How to Be Successful with Your Preceptor

Starting something new is not always easy. This is especially true when you embark on a new nursing adventure whether it be with a new specialty or new setting or an educational endeavor. Often times, this includes mentorship from a preceptor who is basically there to make sure you don’t kill someone. With healthcare internship programs becoming more and more popular, it is important that you know how to make these relationships work. The key is to find a way to get along with that person and get as much as you can out of the experience in terms of learning. Super easy right? Not always! With most preceptors being someone you have never met and also often randomly assigned to you, there is no guarantee that you’re going to automatically jive. So how do you find a way to forge a successful relationship?

Ensure all expectations and needs are communicated up front.

The first step in any mentoring or preceptorship should be to first figure out what both of you need from the relationship. The preceptor and preceptee should be fully aware of each other’s backgrounds and knowledge base. Make sure your preceptor knows what you are coming into the preceptorship already understanding or what you already have knowledge of. There should be an up front discussion in the beginning about what you both are hoping to get from the experiences you’ll have together. The preceptor should also be sure you know what they expect of you. This can be anything from how you’ll go into a room and assess patients together to how many patients you’ll be taking on your own and when. Going into the mentorship without knowing these expectations on either side is setting yourselves up for failure.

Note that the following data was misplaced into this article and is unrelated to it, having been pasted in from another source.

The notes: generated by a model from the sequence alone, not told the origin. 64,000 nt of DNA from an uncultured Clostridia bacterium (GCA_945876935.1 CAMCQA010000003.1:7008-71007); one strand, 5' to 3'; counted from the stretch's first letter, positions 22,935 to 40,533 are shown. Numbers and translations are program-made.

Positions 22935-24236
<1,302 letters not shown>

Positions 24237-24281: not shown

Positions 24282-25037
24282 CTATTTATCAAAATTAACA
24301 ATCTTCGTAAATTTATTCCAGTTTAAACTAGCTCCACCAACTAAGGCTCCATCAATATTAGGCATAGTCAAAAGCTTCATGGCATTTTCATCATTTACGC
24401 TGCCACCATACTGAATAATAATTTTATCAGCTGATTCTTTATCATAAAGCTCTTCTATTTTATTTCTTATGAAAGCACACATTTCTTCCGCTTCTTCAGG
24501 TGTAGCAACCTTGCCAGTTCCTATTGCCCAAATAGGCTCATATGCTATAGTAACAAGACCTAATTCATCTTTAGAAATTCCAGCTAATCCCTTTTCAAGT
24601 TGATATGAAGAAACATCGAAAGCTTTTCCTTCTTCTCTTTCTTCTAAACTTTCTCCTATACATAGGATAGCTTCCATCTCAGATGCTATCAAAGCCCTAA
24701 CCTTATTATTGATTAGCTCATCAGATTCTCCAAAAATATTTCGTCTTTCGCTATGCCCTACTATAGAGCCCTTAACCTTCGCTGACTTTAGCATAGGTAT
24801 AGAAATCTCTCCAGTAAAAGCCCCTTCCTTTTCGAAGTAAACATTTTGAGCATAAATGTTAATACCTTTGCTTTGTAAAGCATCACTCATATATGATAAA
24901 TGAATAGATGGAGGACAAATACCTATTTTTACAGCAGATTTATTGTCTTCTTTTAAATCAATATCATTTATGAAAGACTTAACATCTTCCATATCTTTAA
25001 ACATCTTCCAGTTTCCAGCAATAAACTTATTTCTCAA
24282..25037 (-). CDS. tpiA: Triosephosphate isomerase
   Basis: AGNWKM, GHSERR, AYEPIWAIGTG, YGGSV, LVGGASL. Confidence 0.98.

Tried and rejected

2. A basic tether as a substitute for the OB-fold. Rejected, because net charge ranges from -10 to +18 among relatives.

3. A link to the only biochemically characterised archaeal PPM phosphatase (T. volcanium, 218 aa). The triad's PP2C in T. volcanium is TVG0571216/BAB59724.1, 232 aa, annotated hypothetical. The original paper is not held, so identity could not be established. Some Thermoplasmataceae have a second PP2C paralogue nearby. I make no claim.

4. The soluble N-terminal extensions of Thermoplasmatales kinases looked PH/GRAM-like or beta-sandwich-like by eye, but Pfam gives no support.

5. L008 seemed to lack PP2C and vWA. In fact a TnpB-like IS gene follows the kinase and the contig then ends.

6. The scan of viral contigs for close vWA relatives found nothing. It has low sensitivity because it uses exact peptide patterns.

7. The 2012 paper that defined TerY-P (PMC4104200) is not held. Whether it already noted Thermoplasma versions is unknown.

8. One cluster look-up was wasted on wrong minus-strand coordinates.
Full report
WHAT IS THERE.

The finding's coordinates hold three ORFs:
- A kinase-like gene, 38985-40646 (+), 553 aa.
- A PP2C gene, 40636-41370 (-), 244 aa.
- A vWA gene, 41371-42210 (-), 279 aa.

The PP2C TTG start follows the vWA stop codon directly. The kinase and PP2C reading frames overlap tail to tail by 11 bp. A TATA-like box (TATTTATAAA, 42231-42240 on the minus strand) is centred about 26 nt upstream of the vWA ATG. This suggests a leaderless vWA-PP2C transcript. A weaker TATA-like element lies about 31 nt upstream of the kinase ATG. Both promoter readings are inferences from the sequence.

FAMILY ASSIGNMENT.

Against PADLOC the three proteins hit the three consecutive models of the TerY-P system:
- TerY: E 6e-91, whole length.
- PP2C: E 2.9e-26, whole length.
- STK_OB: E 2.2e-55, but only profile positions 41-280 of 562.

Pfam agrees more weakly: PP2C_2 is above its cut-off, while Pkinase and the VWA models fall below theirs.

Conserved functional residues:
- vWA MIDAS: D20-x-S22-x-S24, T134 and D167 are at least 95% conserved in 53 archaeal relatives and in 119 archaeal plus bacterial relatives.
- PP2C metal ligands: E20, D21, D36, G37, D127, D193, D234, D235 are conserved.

Figure out how you’ll communicate and what your style of communication is.

This is incredibly important for any professional relationship! Don’t wait until you’re in a bind and trying to contact your preceptor emergently on Facebook, not sure when they’ll see it. Establish up front how they expect you to communicate with them whether it be via cell phone, email, etc., and get that information! You’ll thank yourself later and it’ll save you a lot of problems.

Don’t hesitate to address a problem when it comes up and encourage them to do the same.

In any learning environment, nobody is going to be 100% perfect 100% of the time. Expect there to be some wrinkles that need to be ironed out and times when something happens and needs to be discussed. That’s just learning and doesn’t mean you’re doing it wrong! However, these times need to be handled in a healthy way that is conducive not only to your professional relationship, but your overall learning and growth. When something happens that you don’t understand or that makes you uneasy or upset, DO NOT hold it in and ignore it happened! Discuss it openly with your preceptor or mentor in a way that best suits both of your styles of communication. Having an open communication and clearing the air helps to keep things moving and will only assist in giving you a smooth experience that works well for everyone.